- Freedom from command and control… the show
- Want this show in your country?
- What went wrong in Rover?
- Ministers interfere with scanning
- Camden Council goes barmy
- The cops go barmy too
- Tony Blair speaks the truth!!
- Watch out for pretenders
- Vanguard’s housing solutions
- Vanguard creeping through ‘official’ channels
I am putting together a ‘show’ for want of a better word. It is a show that will explain how we developed the Vanguard method – what we learned from Deming and Ohno, how service differs from manufacturing and, hence, the rationale behind the Vanguard method.
The show will illustrate how command and control is an organisational prison, it actually represents an illusion of control while, in truth, sub-optimising performance. To illustrate the method in use I will feature clients, leading practitioners, from financial services, telecommunications, housing, local authorities, social care and the police who will talk about how, when they learn how to ‘see’, they discover for themselves how and why command and control undermines performance and become motivated to engage with the better systems alternative.
And they will show that, because service organisations don’t make things, change is fast, better service at lower costs. And massive improvements in morale to boot.
It has to be the most important event Vanguard has put on to date and it is my hope it will encourage others to break out of command and control. Or at least talk about it!
October 6th International Conference Centre, Edinburgh
October 11th QE 2 Conference Centre, London
For some time I have been corresponding with people from all over the world who are interested in the work we are doing. If you have access to an audience (associations and the like) and are prepared to do some organising work, we would be pleased to bring this show to your country. In the first instant contact Angela: firstname.lastname@example.org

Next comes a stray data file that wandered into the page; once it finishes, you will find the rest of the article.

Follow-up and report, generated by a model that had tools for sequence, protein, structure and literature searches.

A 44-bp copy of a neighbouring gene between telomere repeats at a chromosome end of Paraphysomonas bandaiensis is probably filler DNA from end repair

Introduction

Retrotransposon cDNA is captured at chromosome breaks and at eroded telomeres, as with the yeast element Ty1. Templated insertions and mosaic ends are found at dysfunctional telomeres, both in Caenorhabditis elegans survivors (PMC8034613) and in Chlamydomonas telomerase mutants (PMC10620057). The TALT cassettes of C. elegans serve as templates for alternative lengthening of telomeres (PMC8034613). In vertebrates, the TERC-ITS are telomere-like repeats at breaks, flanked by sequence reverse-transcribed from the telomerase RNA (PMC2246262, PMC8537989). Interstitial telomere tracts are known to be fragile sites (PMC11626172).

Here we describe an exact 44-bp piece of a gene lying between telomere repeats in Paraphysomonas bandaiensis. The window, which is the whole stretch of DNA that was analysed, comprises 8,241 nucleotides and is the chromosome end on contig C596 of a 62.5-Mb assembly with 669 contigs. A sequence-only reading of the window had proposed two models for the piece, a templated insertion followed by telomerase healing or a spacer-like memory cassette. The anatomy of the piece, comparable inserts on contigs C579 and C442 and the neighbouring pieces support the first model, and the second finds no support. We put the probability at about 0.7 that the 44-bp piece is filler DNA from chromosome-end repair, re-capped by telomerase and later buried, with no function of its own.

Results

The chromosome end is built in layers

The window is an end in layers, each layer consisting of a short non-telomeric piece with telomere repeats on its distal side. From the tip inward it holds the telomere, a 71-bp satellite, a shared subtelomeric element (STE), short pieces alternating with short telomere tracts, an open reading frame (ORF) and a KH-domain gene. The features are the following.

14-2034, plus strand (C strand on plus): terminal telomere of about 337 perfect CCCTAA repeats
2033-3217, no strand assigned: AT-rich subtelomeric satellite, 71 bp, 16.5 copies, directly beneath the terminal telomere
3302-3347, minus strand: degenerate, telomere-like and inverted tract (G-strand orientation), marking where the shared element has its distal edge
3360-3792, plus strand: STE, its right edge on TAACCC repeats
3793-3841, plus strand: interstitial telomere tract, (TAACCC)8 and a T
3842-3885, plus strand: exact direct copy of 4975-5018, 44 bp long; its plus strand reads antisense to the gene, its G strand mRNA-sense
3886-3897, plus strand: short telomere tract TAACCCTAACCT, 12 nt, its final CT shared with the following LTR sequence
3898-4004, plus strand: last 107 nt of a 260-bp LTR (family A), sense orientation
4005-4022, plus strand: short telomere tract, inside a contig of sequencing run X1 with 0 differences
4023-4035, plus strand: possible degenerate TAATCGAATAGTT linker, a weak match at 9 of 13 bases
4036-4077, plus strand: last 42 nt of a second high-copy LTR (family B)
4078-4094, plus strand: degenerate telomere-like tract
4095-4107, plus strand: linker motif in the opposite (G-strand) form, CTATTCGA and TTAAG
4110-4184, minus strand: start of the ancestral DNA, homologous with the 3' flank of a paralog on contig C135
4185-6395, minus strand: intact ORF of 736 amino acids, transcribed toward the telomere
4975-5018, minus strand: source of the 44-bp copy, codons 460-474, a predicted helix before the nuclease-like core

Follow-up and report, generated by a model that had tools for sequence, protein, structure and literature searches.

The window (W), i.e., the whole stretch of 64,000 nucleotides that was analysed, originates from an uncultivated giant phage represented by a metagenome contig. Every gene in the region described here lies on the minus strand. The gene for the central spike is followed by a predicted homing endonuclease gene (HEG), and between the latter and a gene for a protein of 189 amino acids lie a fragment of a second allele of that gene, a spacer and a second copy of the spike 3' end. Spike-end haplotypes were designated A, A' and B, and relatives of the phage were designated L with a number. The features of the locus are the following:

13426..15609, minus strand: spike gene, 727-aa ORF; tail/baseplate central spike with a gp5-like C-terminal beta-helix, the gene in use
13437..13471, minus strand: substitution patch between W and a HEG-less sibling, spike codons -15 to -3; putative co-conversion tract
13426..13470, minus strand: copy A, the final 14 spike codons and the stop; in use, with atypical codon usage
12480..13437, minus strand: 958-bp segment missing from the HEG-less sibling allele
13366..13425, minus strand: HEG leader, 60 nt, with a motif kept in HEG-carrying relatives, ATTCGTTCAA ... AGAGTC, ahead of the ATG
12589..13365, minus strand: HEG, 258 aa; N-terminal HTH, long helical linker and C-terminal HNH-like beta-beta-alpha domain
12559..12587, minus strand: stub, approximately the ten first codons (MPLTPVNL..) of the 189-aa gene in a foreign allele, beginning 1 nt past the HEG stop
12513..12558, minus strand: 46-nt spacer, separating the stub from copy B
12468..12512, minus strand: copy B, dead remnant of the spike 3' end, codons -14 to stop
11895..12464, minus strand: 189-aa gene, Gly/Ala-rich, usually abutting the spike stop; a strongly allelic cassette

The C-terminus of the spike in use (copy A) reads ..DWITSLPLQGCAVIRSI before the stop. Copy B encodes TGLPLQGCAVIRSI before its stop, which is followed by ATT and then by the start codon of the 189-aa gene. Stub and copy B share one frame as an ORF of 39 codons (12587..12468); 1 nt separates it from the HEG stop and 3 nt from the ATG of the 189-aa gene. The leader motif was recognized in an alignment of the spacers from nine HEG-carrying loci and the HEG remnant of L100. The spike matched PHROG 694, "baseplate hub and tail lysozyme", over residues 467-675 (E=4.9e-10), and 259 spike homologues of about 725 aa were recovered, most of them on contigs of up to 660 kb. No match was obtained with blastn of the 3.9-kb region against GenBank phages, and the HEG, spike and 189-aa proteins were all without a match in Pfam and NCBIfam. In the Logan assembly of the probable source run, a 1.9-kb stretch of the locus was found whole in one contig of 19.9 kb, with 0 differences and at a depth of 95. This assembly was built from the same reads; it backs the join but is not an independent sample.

Rover was the last of the British auto mass-producers. Like others it studied the Japanese ‘miracle’ but didn’t ‘get it’. When the last owners bought it for a song, car parks full of made cars waiting for customers came free. I remember in the Eighties hearing that they had targets for cost-reduction through ‘just-in-time’, a fundamental misunderstanding of Ohno’s work. In the Nineties they did lots of ‘process improvement’ work with extensive training and projects, but they didn’t change the system.
GM is doing the same today, employing people who provide the ‘tools’ from the Toyota system. It won’t change the system. When you see a senior GM manager present on the current initiative you are struck by the quality of the suit, and notice not a hair out of place, and certainly I wonder whether such people even know where the production line is. I read that GM lost £800m in the first quarter this year.
And meanwhile Toyota continues ever upward. What went wrong in Rover was management. We should take it as a lesson.
To deal with the long waiting lists for diagnostic scanning the health minister struck a deal with a private-sector provider. The result has been a catastrophe. We now read in the newspapers that some patients are waiting longer, there are delays in reporting scans, the Royal College ofRadiologists has advised radiologists to check scans carried out by the private contractor as there have been errors, patients are travelling long distances to be scanned, often being told to go home as paperwork is missing and NHS scanning equipment stands idle.
It is a lesson in tampering, to use Deming’s description. By focusing on transaction cost and scale, they sub-optimised the system. If they had known instead how to focus on demand, value and flow, they could have first optimised the NHS scanning system and would have had genuine knowledge about what further requirements would need to be designed and where.
It is time ministers got out of management. They tell us they were dealing with ‘blockages in the system’ but what they did was make the system worse, driving up costs and worsening service provision, just as they have with every service I have studied in the public sector.
And, by the way, the ex minister of health, Alan Milburn, is reported as being a £30,000-a-year consultant for the parent company of the scanning provider.
The magazine Housing Today reports that Camden Council (a local council in London) has set its estate officers annual targets for obtaining antisocial behaviour orders (ASBOs). An ASBO is a government invention for dealing with delinquent people, they become subject to curfews, tagging and the like. Apparently the estate officers, who manage about 600 properties each, have a target of one ASBO a year.